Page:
Companies are hiring individuals who combine training with practical, hands-on-experience.
They especially want people with experience setting up backbone and software
A security designation is also desirable. Technology companies like Cisco
(a computer manufacturer) are now offering security designations as well as
Lewis points out that you can't become a security pro in a few months'
time. A degree in computer science helps, he says, but is not essential.
A good grounding in networks and operating systems is important. Linux
skills are mandatory because many of the tools and scripts are run on this
"You start as a system/network administrator and move upwards," says Lewis.
"Much of what you learn is often self-taught."
In the recent past, some companies hired hackers without formal training
to tend to their security systems. They believed that a hacker would know
how to protect the system from other hackers.
Today, companies are moving away from that practice. Sakowski explains
that high school students who learn to hack have not learned all the basics.
They don't have the broader skill set that employers demand.
Woosnam agrees. He points out that when hackers are caught and decide
to clean up their acts, they usually return to school. They have to fill in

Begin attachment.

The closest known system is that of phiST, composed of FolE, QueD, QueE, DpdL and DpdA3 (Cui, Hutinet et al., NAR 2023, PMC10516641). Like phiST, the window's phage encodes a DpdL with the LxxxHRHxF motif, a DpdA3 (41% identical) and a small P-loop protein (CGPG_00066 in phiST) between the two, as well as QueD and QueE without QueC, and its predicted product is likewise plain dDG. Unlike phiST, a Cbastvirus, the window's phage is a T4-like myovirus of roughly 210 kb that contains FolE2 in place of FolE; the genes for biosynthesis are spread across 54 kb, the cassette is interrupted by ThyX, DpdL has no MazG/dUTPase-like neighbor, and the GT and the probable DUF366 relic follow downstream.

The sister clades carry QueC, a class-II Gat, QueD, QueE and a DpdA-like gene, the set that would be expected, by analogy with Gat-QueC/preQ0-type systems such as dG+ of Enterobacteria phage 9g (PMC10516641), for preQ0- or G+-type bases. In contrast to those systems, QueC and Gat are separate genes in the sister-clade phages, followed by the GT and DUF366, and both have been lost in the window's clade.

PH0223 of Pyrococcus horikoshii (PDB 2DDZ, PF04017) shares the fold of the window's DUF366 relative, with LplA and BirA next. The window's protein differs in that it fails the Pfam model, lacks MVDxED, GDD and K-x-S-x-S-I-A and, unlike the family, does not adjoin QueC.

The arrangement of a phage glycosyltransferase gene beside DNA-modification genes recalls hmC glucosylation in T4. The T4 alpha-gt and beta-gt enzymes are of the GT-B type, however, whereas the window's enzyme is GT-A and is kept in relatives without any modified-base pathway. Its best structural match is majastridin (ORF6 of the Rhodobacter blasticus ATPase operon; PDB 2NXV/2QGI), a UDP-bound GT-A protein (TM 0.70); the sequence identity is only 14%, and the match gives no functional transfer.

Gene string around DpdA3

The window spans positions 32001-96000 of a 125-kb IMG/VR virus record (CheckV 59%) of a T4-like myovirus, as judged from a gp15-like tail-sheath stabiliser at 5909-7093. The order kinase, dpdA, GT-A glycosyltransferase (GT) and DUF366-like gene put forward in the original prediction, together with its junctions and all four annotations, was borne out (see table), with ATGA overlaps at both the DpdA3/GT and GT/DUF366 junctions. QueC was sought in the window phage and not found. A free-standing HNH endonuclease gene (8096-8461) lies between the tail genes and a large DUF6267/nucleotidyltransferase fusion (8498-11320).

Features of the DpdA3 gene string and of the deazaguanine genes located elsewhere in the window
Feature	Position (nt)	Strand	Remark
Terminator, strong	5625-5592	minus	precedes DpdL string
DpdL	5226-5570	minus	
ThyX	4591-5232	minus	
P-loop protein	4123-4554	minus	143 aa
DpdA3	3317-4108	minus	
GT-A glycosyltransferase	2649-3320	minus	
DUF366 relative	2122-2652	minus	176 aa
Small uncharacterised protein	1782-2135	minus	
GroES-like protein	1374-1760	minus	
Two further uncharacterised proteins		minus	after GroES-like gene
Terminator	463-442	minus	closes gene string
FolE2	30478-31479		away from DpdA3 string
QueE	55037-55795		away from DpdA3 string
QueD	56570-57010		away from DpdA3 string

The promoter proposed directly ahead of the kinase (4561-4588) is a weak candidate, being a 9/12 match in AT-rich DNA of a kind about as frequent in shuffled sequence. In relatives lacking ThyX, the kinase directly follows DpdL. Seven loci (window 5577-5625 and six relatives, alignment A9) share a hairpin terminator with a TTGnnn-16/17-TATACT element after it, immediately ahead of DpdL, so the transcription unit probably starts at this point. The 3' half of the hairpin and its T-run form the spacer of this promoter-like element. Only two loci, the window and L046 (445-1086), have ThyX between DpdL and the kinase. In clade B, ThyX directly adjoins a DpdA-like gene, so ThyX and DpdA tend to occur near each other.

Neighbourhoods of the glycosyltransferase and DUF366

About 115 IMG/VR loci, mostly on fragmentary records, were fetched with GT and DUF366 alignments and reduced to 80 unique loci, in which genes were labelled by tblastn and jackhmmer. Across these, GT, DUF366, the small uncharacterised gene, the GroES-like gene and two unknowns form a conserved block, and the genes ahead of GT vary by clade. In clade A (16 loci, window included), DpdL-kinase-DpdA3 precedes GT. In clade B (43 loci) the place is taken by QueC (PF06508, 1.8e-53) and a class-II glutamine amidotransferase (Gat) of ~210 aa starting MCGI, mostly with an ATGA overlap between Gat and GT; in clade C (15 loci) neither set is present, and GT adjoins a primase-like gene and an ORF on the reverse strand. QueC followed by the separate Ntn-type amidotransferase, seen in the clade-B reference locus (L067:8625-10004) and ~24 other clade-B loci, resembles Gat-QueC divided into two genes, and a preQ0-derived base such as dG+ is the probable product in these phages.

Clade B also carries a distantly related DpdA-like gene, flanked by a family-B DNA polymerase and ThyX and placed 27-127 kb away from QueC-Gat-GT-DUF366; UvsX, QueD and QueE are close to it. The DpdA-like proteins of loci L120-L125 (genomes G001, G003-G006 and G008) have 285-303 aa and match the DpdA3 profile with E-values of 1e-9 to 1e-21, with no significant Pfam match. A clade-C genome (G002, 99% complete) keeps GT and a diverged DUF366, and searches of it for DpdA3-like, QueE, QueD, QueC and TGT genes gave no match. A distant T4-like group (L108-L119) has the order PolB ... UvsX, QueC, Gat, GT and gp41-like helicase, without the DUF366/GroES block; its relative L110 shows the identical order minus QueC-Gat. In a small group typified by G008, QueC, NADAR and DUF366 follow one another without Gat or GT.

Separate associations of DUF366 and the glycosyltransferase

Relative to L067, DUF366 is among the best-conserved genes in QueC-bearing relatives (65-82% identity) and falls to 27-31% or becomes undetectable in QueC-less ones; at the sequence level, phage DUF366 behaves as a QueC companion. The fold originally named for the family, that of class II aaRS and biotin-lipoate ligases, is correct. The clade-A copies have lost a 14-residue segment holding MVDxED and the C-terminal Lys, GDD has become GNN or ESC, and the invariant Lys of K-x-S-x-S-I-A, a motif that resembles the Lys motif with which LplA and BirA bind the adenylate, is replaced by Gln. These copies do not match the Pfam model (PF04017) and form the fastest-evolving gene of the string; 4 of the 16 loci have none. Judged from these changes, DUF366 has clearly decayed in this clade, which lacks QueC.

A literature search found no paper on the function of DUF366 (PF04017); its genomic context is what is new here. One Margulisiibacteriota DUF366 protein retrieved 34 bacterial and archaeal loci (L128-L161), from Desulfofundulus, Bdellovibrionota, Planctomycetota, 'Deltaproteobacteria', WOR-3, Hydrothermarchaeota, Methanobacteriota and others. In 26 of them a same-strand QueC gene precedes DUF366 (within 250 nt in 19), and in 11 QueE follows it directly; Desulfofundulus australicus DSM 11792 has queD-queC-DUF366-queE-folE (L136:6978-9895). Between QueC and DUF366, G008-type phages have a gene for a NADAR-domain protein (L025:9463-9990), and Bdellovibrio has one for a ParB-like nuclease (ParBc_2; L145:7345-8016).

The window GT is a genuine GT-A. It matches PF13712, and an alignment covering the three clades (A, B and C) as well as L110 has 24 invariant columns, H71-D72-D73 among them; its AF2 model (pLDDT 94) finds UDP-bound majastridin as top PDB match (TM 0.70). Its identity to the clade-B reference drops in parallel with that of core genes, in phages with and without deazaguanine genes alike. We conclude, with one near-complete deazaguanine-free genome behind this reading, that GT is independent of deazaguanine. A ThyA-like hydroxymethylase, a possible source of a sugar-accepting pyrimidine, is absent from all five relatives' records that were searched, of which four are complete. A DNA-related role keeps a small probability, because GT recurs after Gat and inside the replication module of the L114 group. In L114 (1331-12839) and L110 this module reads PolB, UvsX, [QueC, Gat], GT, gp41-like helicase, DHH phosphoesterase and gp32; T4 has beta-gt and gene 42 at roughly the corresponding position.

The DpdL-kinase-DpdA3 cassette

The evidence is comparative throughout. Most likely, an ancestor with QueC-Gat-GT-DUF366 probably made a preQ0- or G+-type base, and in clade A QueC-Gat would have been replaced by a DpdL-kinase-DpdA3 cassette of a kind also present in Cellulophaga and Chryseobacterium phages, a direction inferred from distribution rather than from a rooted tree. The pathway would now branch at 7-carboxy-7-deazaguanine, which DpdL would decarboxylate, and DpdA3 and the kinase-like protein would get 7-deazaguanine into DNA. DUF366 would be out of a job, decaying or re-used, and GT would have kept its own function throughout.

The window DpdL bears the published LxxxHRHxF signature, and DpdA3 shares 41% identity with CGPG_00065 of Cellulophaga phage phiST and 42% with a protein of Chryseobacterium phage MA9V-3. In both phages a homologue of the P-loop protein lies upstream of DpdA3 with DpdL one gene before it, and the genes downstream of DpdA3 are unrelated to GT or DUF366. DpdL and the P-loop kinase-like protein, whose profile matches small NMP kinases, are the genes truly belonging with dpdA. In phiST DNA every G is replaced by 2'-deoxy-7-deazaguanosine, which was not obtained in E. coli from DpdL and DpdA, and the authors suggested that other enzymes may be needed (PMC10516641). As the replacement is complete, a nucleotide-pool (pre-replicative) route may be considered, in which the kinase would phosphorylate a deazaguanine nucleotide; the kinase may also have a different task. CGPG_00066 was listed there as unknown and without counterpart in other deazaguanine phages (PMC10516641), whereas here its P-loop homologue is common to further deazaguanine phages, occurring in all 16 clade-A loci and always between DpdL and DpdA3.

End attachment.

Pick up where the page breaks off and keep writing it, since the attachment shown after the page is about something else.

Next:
the gaps in their knowledge. "I've seen it time and again," he says.
Security pros prevent attacks and recover the system quickly should an
attack occur. Those with in-depth training can see the vulnerabilities much
better than those who have learned solely through hands-on experimenting.
"With education, you can look beyond what is already known and see the
potential for what could be," Woosnam says.
On the other hand, Lewis says that unless you hone your skills breaking
into systems, you will not be in a position to secure them. Many of the tools
mimic breaking into systems to show any vulnerability.
However, he points out that employers will pre-screen the candidate for
reliability and track record. "Good credentials and a trustworthy past record
will be the essential factors," he adds.
Some security people think the best way to get a job is to first hack a
corporate website, then ask the employer to hire them to protect that site.
Woosnam isn't keen on this approach. He points out that it is illegal and
leads to distrust.
However, he does advocate researching an employer's website before the
interview. "Study the site's content, structure and source code," he advises,
"But don't cross the line to hacker-dom."
With everyone looking for experienced people, how does a new person break
into the field? Sakowski suggests students in technical school or college
ask the instructor to establish labs where they help set up the school's system.
This provides practical, hands-on experience.
Companies and larger corporations will see you as more attractive if you
have that experience. People who have worked in a banking atmosphere will
also have some of the skill sets.
Woosnam says breaking into the field is a matter of trust, apprenticeship
and a bit of luck. Communication skills, people skills and teamwork skills
are also very important.